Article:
Finding Ways to Improve Business – IT Collaboration
Collaboration between business and IT can be a problem in enterprises, and people are finding ways to improve it. For instance by forming a single entity using business IT fusion, to increase the business value of IT. Or with DevOps, which can help to improve the collaboration between development and operations to jointly support business needs. And by using sociocracy to make the lines of communication in your organization visible to connect agile teams with the business stakeholders.
David Ramel writes on Application Development Trends about Forrester study reveals disconnect between business and software development:
A major impediment to more successful software development projects is a corporate culture that results in a lack of collaboration because business executives view the IT departments as "order takers," a view disputed by IT leaders.
There is a gap between the business and IT views on how much they actually collaborate:
43 percent [of the business decision-makers] said the two departments work together to decide which business services or products are delivered.
59 percent of IT/engineering leaders said they collaborate with their business peers and 57 percent said IT acts as partners and makes joint decisions with business stakeholders.
Earlier this year, InfoQ covered the above Forrester study in continuous delivery speeds up innovation. The full report of the Forrester study about continuous delivery is available for download after registration. One of the key recommendations in the Forrester report is that “Business leaders and IT leaders need to improve their collaboration”
(…) traditional businesses need to shift their organization models to view software development providers less as order takers and more as partners in delivering BT. IT shops need to redesign their organizations to focus on end-to-end service delivery instead of organizing around functional centers of excellence.
In his blog post business IT fusion requires true collaboration, Michael Maurer explores business – IT collaboration:
Fusion is the result of joining two or more things together to form a single entity. Have you ever seen business and IT joined together in to form a single entity?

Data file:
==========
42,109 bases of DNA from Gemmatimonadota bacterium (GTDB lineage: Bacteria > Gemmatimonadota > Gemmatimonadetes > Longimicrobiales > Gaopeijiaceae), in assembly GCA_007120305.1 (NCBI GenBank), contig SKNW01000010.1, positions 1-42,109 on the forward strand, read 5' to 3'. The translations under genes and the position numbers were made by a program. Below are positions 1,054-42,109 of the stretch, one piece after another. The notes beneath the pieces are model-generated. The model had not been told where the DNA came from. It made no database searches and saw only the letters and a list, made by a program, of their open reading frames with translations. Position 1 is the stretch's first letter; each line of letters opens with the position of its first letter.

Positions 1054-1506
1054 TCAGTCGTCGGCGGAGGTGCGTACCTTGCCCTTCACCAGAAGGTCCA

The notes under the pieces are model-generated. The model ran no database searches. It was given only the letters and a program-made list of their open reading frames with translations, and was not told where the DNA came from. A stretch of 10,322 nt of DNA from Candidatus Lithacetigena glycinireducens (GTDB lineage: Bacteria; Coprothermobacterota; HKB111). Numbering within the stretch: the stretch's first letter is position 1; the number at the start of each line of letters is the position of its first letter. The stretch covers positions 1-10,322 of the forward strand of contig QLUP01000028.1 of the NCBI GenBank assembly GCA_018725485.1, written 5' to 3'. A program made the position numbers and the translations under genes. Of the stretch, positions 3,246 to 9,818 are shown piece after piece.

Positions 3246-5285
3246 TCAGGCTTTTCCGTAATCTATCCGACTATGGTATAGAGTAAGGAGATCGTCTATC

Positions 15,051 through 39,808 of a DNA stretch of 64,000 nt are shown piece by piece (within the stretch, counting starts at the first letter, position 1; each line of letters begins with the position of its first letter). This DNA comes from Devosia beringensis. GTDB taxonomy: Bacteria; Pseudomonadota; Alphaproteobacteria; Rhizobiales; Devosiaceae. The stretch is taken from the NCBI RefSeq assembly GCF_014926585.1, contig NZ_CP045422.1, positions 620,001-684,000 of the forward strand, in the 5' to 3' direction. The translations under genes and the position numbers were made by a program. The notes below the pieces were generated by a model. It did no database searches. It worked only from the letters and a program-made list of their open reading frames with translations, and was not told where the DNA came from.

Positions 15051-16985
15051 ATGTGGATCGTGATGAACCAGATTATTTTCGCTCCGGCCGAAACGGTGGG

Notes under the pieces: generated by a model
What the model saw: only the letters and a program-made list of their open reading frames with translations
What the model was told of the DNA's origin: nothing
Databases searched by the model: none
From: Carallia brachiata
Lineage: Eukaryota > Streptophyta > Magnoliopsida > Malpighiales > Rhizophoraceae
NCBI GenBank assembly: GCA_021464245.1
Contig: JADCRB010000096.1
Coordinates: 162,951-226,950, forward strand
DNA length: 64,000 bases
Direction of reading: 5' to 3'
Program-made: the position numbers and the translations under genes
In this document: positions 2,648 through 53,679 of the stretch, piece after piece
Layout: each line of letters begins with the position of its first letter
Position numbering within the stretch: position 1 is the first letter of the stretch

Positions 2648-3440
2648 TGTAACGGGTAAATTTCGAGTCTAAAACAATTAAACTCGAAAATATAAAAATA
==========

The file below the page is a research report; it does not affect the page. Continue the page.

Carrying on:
IT is often organized in a separate department and not “fused with the business”, a setup that makes it difficult to collaborate:
But since IT is often considered supportive to the business, it is treated as a supplier. Not as a business partner or even as an integral part of the business. Business managers will act as clients and IT is treated as a supplier. And IT fulfills this role without hesitating or resistance.
Michael suggest that organizations should improve collaboration and work towards fusion between business and IT:
The start is to acknowledge that IT is a part of the business instead of a separate functional specialty. Every business manager is also an IT manager. And IT needs to focus on deep-user-understanding. This requires real understanding of the business drivers and how IT can contribute to affect positively affect these. The responsibility of having good IT needs to be shared between business and IT.
Kevin Parker shares his views on agile and collaboration in the blog post how can you use agile to put a stake in the ground. He explains the problem he sees with agile implementations that only cover a small part of the process:
Agile is designed to get value back to the organisation faster. However, each agile project does not exist in isolation. If the rest of IT can’t keep up with what is being developed, or if the business does not understand how it has to be involved, then optimal result are never achieved.
Kevin gives an example where delivering software using agile development teams can challenge IT production if they are not able yet to deal with frequent releases, and the service desk if they do not understand the new functionality in time. DevOps, which support the collaboration between development and operations can help to serve the business needs:
Solving challenges like release management can be the difference between agile being a nice approach for the dev team to use and it being a business changing, competitive differentiator. The DevOps movement is taking on the issues that exist for agile and looking at how culture and understanding lead to greater business value.
“Organizations with larger, more complex projects struggle to adopt Agile”, says Derwyn Harris in her blog post use sociocracy to scale agile organizationally. When organization implement agile teams that work in isolation, a disconnect results between the business and IT. The concept of sociocracy can help to find solutions for this problem:
Sociocracy provides organizations the ability to streamline channels of communication by creating overlapping “circles” and “double-linking.” Circles are groups solely responsibility for a goal, such as a sprint. Double-linking ensures that representatives in each overlapping circle are present. This is not simply having a manager present in one circle to listen in. Double-linking ensures that communications and decisions are relayed quickly, without losing information or causing confusion.
Derwyn explains how you can use sociocracy to give visibility to the lines of communication in your organization:
A good exercise is to write down each perceived circle within your organization. (…) Next, connect how they communicate and determine who represents the double-linking. Chances are you will find either a single person who is acting as a single-link in many circles, or no direct overlap at all. This is where the communication breakdown begins and is the primary reason why Agile fails.
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